The cocaine-binding aptamer is unusual in that it tightly binds molecules other than the ligand it was selected for. Here, we study the interaction of the cocaine-binding aptamer with one of these off-target ligands, quinine. Isothermal titration calorimetry was used to quantify the quinine-binding affinity and thermodynamics of a set of sequence variants of the cocaine-binding aptamer. We find that the affinity of the cocaine-binding aptamer for quinine is 30-40 times stronger than it is for cocaine. Competitive-binding studies demonstrate that both quinine and cocaine bind at the same site on the aptamer. The ligand-induced structural-switching binding mechanism of an aptamer variant that contains three base pairs in stem 1 is retained with quinine as a ligand. The short stem 1 aptamer is unfolded or loosely folded in the free form and becomes folded when bound to quinine. This folding is confirmed by NMR spectroscopy and by the short stem 1 construct having a more negative change in heat capacity of quinine binding than is seen when stem 1 has six base pairs. Small-angle X-ray scattering (SAXS) studies of the free aptamer and both the quinine- and the cocaine-bound forms show that, for the long stem 1 aptamers, the three forms display similar hydrodynamic properties, and the ab initio shape reconstruction structures are very similar. For the short stem 1 aptamer there is a greater variation among the SAXS-derived ab initio shape reconstruction structures, consistent with the changes expected with its structural-switching binding mechanism.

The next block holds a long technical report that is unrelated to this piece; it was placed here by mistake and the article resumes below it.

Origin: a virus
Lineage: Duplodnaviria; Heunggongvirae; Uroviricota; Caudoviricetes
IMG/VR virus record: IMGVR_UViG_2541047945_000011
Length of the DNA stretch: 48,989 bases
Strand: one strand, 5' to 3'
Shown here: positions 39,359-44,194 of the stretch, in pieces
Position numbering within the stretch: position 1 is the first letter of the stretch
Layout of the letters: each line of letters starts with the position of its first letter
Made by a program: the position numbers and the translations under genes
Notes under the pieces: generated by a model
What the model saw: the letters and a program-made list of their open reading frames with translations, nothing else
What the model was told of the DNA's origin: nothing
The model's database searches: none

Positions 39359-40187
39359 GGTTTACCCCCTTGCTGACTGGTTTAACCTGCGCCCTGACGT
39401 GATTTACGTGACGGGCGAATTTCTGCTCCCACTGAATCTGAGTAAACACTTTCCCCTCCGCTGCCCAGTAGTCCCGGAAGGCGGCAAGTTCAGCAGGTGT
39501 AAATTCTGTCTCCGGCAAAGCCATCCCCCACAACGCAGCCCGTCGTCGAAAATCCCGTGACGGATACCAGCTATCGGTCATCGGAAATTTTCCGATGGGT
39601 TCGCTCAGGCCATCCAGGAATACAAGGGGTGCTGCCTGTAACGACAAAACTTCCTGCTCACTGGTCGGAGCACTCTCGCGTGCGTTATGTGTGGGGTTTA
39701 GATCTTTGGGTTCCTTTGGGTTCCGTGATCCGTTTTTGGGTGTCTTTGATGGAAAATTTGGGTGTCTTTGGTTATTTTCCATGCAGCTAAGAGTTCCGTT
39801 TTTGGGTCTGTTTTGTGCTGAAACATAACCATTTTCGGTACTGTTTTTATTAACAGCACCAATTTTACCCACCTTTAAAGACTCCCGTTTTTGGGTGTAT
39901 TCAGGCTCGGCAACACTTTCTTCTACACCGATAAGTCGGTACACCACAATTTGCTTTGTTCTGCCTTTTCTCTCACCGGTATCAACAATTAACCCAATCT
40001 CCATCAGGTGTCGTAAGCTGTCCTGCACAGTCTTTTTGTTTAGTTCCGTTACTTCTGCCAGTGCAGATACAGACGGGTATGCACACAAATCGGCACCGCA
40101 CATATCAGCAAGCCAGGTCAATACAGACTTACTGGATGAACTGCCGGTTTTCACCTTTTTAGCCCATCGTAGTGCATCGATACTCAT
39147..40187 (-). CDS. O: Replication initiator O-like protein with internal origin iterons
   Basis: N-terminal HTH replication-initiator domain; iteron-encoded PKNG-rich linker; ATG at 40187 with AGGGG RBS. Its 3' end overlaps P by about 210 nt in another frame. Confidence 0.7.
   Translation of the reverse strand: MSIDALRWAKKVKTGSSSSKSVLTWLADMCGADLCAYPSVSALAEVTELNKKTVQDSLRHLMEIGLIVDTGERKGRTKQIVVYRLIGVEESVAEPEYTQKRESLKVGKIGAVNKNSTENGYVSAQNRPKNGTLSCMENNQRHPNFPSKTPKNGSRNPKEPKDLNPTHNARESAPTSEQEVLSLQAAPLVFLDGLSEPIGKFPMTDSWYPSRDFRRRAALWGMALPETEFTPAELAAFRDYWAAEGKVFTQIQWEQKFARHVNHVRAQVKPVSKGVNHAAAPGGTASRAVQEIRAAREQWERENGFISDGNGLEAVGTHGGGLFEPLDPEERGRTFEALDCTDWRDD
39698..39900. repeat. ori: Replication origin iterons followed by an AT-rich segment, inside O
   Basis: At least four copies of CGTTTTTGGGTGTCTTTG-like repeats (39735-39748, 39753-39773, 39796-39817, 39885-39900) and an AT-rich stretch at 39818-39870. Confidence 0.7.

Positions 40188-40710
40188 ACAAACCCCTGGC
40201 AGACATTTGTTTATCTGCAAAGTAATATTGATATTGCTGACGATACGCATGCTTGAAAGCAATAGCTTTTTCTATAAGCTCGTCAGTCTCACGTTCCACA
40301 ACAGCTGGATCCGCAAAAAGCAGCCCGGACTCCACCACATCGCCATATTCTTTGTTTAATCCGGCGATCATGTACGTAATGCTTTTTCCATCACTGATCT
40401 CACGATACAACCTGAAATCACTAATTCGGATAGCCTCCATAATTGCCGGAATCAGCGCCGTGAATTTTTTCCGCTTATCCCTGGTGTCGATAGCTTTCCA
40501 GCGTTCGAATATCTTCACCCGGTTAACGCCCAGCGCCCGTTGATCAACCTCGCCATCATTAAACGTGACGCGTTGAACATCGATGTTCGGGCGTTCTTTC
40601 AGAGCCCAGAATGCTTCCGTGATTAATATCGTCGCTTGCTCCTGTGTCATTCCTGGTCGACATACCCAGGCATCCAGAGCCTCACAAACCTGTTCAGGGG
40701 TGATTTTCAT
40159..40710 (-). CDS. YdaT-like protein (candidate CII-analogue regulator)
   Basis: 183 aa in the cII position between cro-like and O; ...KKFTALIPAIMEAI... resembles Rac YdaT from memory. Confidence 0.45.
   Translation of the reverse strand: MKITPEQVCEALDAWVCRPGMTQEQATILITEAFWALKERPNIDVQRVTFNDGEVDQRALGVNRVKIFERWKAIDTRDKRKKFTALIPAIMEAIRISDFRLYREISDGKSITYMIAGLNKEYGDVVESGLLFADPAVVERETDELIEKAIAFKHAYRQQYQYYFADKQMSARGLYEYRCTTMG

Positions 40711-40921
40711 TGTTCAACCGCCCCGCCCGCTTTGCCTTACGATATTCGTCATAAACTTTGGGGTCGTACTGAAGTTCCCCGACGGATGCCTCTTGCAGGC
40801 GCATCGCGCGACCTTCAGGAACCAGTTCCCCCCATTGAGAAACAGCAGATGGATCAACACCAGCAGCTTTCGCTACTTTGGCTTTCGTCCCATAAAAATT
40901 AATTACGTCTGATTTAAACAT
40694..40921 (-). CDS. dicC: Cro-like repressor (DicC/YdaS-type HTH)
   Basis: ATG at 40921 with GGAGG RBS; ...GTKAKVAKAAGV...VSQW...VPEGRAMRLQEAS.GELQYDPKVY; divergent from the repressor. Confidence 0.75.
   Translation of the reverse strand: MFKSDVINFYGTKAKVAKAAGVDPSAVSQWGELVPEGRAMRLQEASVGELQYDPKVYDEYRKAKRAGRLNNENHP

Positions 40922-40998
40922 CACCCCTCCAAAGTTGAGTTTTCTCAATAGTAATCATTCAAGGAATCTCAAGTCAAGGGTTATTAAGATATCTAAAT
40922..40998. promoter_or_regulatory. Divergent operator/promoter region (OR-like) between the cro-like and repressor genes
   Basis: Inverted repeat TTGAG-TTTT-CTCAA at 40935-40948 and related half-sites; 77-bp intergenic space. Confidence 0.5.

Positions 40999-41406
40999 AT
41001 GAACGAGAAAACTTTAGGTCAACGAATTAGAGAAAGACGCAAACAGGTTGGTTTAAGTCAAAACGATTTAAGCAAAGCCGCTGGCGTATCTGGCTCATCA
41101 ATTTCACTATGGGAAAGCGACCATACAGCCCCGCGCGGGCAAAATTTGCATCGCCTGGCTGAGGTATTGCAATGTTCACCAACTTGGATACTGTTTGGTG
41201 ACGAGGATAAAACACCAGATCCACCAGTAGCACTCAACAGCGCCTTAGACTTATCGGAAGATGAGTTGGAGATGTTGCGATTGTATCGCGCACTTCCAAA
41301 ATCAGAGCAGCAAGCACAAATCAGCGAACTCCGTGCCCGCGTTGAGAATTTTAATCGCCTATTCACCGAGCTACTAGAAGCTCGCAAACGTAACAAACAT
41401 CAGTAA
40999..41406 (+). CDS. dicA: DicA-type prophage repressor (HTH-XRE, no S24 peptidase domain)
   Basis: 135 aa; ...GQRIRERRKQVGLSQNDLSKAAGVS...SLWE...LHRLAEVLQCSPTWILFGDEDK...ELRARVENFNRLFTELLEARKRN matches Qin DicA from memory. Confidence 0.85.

6. Discovering chemistry with an ab initio nanoreactor

    Wang, Lee-Ping; Titov, Alexey; McGibbon, Robert; Liu, Fang; Pande, Vijay S.; Martínez, Todd J.

    2014-01-01

    Chemical understanding is driven by the experimental discovery of new compounds and reactivity, and is supported by theory and computation that provides detailed physical insight. While theoretical and computational studies have generally focused on specific processes or mechanistic hypotheses, recent methodological and computational advances harken the advent of their principal role in discovery. Here we report the development and application of the ab initio nanoreactor – a highly accelerat...

  7. Reciprocity Theorems for Ab Initio Force Calculations

    Wei, C; Mele, E J; Rappe, A M; Lewis, Steven P.; Rappe, Andrew M.

    1996-01-01